Location

Denver, CO

DOI

https://doi.org/10.26077/rz1a-bh18

Start Date

6-25-2019 12:00 AM

End Date

6-27-2019 12:00 AM

Description

In this 1:18 Froude scale physical hydraulic model study, woody debris was introduced into a reservoir upstream of a morning-glory spillway at different flow rates causing jams. The purpose of this study is to ascertain the frequency of woody debris clogs in the crest, mouth, transition, or a combination of the three in the morning-glory spillway over varying flow rates. Because of the random nature of debris loading into reservoirs (flux, density, species, length, diameter, branch complexity, etc.), a variety of woody species were used to represent prototype lengths of 10 feet to 35 feet and diameters of 0.5 feet to 4 feet. Flow rates in prototype ranged from approximately 500 to over 3000 cubic feet per second. Flow rate can also play an integral part in where the jam occurs, especially in the transition from weir to orifice flow into the spillway. As the flow transitions from crest control into full pipe control, the water surface elevation (WSE) becomes high enough that debris does not naturally pass through the spillway. The location of the jam can impact the degree of change in water surface elevation, causing changes of up to 25 feet prototype, or approximately a 780% increase, over the range of flow rates tested.

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Jun 25th, 12:00 AM Jun 27th, 12:00 AM

Spillway Debris Physical Model Study Morning Glory Spillway

Denver, CO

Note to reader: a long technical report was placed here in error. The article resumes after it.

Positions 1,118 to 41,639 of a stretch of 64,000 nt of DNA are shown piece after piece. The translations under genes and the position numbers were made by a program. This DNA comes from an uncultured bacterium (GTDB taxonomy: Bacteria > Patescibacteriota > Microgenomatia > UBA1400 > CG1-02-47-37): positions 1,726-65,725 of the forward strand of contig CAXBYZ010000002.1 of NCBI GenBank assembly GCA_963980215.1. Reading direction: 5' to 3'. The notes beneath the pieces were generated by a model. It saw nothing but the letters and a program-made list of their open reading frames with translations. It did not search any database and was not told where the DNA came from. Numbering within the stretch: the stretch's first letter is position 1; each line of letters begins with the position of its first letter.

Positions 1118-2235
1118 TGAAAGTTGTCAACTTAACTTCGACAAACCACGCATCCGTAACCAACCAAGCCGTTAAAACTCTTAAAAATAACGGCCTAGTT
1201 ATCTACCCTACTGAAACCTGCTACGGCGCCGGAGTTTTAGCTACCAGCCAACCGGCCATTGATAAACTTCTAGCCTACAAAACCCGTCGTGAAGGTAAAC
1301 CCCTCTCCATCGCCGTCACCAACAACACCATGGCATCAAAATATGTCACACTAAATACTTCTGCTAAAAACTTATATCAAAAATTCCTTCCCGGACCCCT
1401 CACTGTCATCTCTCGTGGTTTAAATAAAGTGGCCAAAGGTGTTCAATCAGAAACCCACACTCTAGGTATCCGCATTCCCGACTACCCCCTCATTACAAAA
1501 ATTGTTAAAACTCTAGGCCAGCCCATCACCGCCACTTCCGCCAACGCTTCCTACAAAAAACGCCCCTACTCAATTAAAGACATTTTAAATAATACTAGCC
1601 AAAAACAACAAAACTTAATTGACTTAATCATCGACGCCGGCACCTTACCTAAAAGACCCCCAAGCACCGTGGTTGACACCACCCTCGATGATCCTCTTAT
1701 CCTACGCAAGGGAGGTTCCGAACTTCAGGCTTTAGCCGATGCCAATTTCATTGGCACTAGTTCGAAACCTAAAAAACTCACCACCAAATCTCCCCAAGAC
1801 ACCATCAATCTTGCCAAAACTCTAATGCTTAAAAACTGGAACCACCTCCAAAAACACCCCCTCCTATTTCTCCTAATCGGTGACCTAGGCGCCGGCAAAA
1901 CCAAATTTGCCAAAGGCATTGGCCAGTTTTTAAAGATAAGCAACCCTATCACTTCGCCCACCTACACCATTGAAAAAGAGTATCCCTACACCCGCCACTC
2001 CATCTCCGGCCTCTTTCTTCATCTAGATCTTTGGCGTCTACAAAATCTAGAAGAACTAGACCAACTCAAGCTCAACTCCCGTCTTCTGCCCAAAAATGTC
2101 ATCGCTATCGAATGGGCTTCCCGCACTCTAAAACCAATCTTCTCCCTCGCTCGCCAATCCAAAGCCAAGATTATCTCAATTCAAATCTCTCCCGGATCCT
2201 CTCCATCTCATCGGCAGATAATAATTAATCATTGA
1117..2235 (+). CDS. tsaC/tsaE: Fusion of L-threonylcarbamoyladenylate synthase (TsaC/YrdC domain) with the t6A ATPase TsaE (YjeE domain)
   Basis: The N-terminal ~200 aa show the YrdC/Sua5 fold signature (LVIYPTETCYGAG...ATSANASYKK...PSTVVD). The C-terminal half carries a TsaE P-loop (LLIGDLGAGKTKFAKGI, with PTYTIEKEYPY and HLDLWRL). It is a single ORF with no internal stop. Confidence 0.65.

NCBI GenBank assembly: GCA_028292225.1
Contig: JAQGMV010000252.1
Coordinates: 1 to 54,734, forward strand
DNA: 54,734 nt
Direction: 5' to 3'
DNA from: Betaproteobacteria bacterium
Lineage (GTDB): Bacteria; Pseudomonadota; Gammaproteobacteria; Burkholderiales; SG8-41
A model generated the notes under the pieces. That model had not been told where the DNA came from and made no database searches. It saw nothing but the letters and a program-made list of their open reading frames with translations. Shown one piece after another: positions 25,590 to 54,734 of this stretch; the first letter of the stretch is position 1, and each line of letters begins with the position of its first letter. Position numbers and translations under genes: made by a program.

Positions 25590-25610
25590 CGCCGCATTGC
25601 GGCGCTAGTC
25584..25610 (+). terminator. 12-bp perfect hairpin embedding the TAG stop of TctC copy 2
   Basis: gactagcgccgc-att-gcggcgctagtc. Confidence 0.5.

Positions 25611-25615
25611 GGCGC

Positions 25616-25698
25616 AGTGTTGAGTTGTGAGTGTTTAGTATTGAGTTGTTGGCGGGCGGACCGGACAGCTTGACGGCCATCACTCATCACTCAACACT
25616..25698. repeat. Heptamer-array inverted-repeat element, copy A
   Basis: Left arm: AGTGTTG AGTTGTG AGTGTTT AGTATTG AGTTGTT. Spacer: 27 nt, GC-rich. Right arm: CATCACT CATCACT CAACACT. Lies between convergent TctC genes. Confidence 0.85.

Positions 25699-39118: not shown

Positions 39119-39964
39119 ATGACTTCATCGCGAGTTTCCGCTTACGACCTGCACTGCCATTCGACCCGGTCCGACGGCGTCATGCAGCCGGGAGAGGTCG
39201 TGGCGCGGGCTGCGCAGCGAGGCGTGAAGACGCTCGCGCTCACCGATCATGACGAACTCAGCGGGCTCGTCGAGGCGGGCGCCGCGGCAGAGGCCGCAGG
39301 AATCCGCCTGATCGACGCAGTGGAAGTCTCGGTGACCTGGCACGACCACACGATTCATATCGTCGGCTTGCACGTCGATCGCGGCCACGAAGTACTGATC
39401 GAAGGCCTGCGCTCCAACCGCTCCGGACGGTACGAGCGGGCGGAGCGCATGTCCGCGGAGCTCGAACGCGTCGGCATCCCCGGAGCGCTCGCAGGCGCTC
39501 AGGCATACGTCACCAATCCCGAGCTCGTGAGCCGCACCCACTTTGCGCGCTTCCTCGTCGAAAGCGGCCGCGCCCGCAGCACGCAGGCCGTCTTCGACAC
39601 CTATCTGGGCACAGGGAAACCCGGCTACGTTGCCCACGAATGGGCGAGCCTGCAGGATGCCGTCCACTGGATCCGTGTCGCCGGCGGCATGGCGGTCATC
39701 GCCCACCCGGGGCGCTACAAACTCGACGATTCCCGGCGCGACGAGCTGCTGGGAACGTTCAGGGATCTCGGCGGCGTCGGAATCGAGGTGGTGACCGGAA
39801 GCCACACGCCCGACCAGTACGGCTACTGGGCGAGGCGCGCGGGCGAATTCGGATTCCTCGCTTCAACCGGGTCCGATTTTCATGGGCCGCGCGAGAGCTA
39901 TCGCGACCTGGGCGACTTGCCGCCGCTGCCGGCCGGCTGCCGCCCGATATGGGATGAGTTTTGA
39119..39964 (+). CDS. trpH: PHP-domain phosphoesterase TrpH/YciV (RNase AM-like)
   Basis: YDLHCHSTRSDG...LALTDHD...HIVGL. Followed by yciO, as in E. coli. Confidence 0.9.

In this 1:18 Froude scale physical hydraulic model study, woody debris was introduced into a reservoir upstream of a morning-glory spillway at different flow rates causing jams. The purpose of this study is to ascertain the frequency of woody debris clogs in the crest, mouth, transition, or a combination of the three in the morning-glory spillway over varying flow rates. Because of the random nature of debris loading into reservoirs (flux, density, species, length, diameter, branch complexity, etc.), a variety of woody species were used to represent prototype lengths of 10 feet to 35 feet and diameters of 0.5 feet to 4 feet. Flow rates in prototype ranged from approximately 500 to over 3000 cubic feet per second. Flow rate can also play an integral part in where the jam occurs, especially in the transition from weir to orifice flow into the spillway. As the flow transitions from crest control into full pipe control, the water surface elevation (WSE) becomes high enough that debris does not naturally pass through the spillway. The location of the jam can impact the degree of change in water surface elevation, causing changes of up to 25 feet prototype, or approximately a 780% increase, over the range of flow rates tested.

 

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